Movie Review: The Other Guys

The Other Guys

There’s something magical about the buddy cop genre, so it’s fitting that ‘The Other Guys’ conjures up the perfect mix of laughs, action, titillation, and redemption the genre is known for. Posing as the ultimate parody to the buddy cop theme, ‘Other Guys’ hits theatres this weekend and will be #1 with a bullet (So far, I’m 9 for 10 on that call).

Spinning the action-buddy line on its head like a top, the film follows the exploits (or lack thereof) of the lesser known members of a city crime unit. Detectives Hoitz & Gamble battle the boredoms of office life while watching the precincts superstars (portrayed to tongue-in-cheek perfection by Samuel Jackson & Dwayne Johnson) hog the headlines and glory. When a perp chase goes wrong and the heroes are lost – it’s up to the other guys, Hoitz & Gamble to solve the city’s crimes. Enter David Ershon (Steve Coogan – Tropic Thunder), a buffoonish but loveable money manager embroiled in a scheme to bilk billions out the state and guarded by a CIA style hit squad that’s seemingly conflicted with protecting or killing him. The detectives follow a series of gum drop clues on their way to solving one of the biggest cases in the city’s history.

What’s great about the film are its alternated references to truly great past cop movies. From clichéd explosions mocking the Lethal Weapon franchise, to its spin on the grit of daily cop life like The French Connection, the parodies of them all are executed with really good laughs. The visual transitions to show progression of a plot situation are inventive and vivid. The 2nd act includes a montage to a great night out with the boys and it is a true gut-buster. Hoitz’s character portrayed by Mark Wahlberg (Boogie Nights, The Happening) is a polar opposite of the tough Sgt. Dignam he portrayed in ‘The Departed.” Gamble, delivered insanely well (as expected) by Will Ferrell (Elf, Stranger Than Fiction). Ferrell’s character wrestles with a past as a business manager for ladies of the night, and his ability to deliver a performance of steady progression back to the dark side of that job is priceless.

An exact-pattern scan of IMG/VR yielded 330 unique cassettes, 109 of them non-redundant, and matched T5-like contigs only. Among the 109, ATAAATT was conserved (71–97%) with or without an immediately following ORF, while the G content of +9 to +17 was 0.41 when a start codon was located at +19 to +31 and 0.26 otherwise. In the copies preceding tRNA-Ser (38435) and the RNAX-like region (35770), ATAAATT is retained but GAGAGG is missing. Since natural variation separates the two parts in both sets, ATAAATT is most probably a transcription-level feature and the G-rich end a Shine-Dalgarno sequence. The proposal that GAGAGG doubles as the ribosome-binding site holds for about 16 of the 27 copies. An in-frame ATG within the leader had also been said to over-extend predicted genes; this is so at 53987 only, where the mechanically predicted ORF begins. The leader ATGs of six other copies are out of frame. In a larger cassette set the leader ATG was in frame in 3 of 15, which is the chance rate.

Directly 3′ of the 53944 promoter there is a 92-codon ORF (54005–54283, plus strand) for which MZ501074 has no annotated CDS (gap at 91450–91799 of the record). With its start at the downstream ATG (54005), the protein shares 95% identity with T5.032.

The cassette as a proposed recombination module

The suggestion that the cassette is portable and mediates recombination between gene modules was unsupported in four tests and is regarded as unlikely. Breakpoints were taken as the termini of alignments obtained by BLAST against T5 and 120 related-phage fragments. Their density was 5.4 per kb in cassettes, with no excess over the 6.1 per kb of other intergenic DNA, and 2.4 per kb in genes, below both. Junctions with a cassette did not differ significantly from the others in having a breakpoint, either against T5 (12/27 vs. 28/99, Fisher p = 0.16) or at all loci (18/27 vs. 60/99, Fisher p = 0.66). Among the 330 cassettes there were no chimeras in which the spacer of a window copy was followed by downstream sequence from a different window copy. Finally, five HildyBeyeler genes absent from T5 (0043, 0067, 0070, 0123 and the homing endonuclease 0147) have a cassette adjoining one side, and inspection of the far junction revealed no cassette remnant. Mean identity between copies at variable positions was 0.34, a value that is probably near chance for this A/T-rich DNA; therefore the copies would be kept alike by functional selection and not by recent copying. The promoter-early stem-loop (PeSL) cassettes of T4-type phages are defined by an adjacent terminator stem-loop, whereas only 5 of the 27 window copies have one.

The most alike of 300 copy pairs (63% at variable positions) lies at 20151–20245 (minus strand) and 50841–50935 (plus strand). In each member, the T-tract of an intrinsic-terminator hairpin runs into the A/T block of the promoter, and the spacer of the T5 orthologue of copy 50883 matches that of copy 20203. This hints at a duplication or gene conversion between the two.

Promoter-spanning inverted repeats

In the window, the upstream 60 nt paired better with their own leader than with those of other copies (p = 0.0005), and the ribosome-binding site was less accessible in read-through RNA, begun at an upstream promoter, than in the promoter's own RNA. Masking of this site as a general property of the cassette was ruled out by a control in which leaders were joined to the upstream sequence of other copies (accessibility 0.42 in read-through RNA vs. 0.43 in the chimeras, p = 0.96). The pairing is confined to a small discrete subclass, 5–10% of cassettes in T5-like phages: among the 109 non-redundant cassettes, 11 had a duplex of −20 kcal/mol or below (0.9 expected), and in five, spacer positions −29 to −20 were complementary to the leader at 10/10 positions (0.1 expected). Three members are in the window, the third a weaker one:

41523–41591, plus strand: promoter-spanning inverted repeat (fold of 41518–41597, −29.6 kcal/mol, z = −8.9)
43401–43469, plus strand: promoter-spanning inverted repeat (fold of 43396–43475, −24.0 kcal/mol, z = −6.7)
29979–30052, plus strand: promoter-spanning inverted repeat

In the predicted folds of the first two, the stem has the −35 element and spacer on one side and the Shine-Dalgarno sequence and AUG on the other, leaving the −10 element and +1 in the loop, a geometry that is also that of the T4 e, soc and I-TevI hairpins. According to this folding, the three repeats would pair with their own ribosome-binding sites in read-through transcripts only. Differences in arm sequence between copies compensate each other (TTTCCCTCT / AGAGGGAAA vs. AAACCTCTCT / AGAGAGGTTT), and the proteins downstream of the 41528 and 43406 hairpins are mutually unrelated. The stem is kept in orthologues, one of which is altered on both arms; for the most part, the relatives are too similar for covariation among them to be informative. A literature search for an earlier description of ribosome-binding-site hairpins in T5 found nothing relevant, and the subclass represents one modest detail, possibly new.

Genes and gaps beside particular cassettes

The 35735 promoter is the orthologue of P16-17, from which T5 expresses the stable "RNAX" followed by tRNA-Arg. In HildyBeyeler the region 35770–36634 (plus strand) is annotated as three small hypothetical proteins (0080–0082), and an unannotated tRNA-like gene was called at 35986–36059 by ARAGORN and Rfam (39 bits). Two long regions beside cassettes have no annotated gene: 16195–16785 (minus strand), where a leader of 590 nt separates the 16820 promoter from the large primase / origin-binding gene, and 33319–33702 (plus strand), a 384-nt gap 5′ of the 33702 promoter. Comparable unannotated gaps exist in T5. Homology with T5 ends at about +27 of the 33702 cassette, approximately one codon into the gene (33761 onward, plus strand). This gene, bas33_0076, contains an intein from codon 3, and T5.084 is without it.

An outstanding supporting cast round out the film including Eva Mendes (2 Fast 2 Furious) slinking throughout the film as Gamble’s wife Sheila. A buxom successful doctor who seemingly enjoys a life of cow-towing to Gamble’s excessive and unrealistic home-life demands. Even through the subterfuge of misguided affection on his part, the two still manage to produce a believable dynamic of a loving couple; and bless Sheila’s poor mother who is forced to courier a lurid series of exchanges for the two. Aged, but still on his game is Michael Keaton as the precinct Captain. It was refreshing to see him as a leader of men, but oddly eye-opening to see just how much he’s aged.

Past collaborator for Ferrell, Adam McKay helms this spoof on big action. He’s had plenty of experience with Ferrell having written, produced or starring in past hits like ‘Talladega Nights,” and “Ron Burgundy, Anchorman.” He does a fantastic job of tapping back into Ferrell’s talent and produces a genuinely perverse, likeable and rage filled fellow. You won’t walk away thinking you just saw the best buddy movie of the year, but you will get a surprise or two in the plot and a steady stream of gags and laugh lines. Stay in your seats at the conclusion to get a PowerPoint style slideshow of statistics on corporate greed and government tolerance.

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